I have always loved Chuck Close. In fact, if I could meet any artist living or dead I’m pretty sure I would choose him (by the way, he’s only 72 and lives in NYC). I also love that students can relate to him. He overcame many obstacles in his life including learning disabilities, the death of his father at a young age and a spinal cord collapse that ultimately left him mostly paralyzed from the neck down. Chuck Close remains in a wheelchair, but he is not “known” because of his handicap. He was a well known (and phenomenal) artist before he was in a wheelchair. One of the things that make him so amazing is the way he took every one of his hardships in life and turned it into something positively positive.
I’m sharing this project and adding a few details about how it’s done. After introducing Chuck Close and having some healthy discussion about his life and work, we start out with a lesson on Portraiture and facial proportions. I take about two days going through the anatomy and proportions of the human face while students draw along with me. Once the practice portraits are complete students are given a large sheet of 18×24″ paper and a mirror. They use the anatomy and proportions we went over to create a portrait that looks like them. Chuck Close created many “fingerprint” portraits so I borrowed that technique to create double self-portraits- not only are the portraits of the students, they also use their unique fingerprint to complete the shading. We do some value exercises including a fingerprint value scale + partial portrait (pictured above). This helps students to practice using their fingerprints for shading (it’s tricky). After practicing students add shaded fingerprints to their portrait. For the background we use another piece of 18×24″ paper divided into 3″ squares. We duplicate Chuck Close’s abstract painted squares. Students must included at least three mixed colors in each square (they are not allowed to use color straight out of the paint bottle- mixed colors only!). Once both works are complete, student cut out the portraits and glue them onto the painted background.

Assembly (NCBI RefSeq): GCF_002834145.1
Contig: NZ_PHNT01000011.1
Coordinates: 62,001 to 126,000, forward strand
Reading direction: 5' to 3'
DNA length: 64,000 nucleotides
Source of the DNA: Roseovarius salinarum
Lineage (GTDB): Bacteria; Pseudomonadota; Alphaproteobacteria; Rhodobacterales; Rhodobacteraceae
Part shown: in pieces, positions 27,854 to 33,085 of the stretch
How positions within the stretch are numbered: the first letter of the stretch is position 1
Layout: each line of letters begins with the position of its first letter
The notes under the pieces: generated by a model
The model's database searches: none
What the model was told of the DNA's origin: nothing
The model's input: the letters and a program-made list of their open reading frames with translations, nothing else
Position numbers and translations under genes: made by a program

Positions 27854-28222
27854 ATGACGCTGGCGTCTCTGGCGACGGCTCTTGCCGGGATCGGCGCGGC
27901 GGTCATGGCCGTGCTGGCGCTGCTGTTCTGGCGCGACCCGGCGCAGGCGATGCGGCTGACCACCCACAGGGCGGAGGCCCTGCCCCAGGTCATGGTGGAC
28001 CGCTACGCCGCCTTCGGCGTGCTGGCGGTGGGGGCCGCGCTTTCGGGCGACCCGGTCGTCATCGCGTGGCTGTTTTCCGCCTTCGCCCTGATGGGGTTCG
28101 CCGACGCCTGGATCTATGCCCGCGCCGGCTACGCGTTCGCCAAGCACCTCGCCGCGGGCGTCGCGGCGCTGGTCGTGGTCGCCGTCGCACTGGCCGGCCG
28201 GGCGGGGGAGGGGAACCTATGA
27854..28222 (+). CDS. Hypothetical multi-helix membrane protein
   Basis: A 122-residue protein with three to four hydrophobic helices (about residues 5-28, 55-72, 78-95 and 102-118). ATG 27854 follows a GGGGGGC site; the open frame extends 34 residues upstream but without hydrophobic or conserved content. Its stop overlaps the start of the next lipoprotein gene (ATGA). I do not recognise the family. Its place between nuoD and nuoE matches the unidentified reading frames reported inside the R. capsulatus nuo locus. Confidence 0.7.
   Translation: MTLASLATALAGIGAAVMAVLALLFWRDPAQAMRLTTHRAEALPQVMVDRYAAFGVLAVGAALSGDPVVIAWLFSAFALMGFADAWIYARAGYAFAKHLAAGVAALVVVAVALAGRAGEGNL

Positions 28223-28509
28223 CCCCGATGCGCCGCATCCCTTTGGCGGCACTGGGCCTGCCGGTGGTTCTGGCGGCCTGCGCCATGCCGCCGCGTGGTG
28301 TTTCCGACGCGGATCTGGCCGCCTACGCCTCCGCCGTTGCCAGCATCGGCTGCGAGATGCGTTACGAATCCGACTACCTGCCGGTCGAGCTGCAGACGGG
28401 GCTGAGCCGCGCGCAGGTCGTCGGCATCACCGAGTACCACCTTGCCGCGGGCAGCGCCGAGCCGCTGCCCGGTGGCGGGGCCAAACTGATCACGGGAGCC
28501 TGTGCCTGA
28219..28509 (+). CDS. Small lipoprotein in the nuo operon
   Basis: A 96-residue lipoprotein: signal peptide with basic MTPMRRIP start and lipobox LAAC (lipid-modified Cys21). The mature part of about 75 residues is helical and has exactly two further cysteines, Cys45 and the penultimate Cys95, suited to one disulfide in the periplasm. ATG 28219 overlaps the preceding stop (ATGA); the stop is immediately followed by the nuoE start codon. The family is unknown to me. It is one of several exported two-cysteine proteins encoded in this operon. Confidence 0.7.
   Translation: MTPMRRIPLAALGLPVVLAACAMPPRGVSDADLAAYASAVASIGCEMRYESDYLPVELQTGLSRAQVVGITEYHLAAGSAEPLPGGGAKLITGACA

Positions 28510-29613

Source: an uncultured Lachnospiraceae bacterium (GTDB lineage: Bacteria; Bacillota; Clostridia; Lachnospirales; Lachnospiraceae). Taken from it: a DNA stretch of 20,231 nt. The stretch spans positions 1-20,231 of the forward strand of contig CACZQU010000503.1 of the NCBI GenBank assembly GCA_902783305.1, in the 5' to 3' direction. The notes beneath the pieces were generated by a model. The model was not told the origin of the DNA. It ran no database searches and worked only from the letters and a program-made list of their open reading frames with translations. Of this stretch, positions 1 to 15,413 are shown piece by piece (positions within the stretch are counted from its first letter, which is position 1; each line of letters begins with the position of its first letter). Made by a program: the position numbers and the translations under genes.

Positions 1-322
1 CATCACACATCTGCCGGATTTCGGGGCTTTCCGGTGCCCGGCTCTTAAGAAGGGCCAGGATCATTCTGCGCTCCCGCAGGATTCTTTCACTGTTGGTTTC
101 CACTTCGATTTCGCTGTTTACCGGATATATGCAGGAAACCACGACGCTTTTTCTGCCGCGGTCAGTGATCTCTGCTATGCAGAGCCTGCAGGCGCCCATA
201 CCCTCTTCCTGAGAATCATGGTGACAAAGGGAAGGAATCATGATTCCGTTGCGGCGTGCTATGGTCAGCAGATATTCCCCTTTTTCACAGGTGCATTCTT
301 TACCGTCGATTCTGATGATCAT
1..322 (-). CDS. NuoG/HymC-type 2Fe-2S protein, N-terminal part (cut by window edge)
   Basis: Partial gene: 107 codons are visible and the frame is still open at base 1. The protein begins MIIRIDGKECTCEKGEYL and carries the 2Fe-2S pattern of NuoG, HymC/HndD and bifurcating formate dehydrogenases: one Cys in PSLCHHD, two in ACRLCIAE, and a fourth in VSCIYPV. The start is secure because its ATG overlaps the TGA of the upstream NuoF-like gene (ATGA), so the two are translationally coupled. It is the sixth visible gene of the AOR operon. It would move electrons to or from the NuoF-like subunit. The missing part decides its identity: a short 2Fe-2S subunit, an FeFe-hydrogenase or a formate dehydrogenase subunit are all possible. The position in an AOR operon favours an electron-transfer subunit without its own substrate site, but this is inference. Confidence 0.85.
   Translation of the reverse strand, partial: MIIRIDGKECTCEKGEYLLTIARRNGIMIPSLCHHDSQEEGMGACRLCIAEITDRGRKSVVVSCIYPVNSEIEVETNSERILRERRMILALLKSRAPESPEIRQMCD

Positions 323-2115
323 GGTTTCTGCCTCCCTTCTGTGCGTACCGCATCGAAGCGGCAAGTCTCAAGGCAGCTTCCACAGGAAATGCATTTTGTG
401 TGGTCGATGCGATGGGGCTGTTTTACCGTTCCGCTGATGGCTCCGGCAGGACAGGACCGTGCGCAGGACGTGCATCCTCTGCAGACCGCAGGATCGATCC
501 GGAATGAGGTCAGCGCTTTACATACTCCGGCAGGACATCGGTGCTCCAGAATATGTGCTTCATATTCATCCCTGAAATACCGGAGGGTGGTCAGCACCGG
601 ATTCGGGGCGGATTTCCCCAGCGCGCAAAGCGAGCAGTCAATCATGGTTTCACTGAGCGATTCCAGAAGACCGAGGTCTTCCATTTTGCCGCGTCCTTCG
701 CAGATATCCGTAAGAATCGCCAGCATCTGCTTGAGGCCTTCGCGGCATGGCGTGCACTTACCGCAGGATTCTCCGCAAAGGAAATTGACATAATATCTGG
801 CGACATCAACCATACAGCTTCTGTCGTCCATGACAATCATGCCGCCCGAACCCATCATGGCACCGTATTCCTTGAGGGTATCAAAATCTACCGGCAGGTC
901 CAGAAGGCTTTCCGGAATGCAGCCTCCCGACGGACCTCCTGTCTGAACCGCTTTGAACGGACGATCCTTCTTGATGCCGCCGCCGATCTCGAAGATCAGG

Chuck Close - Fingerpainting (1985) - oil on canvas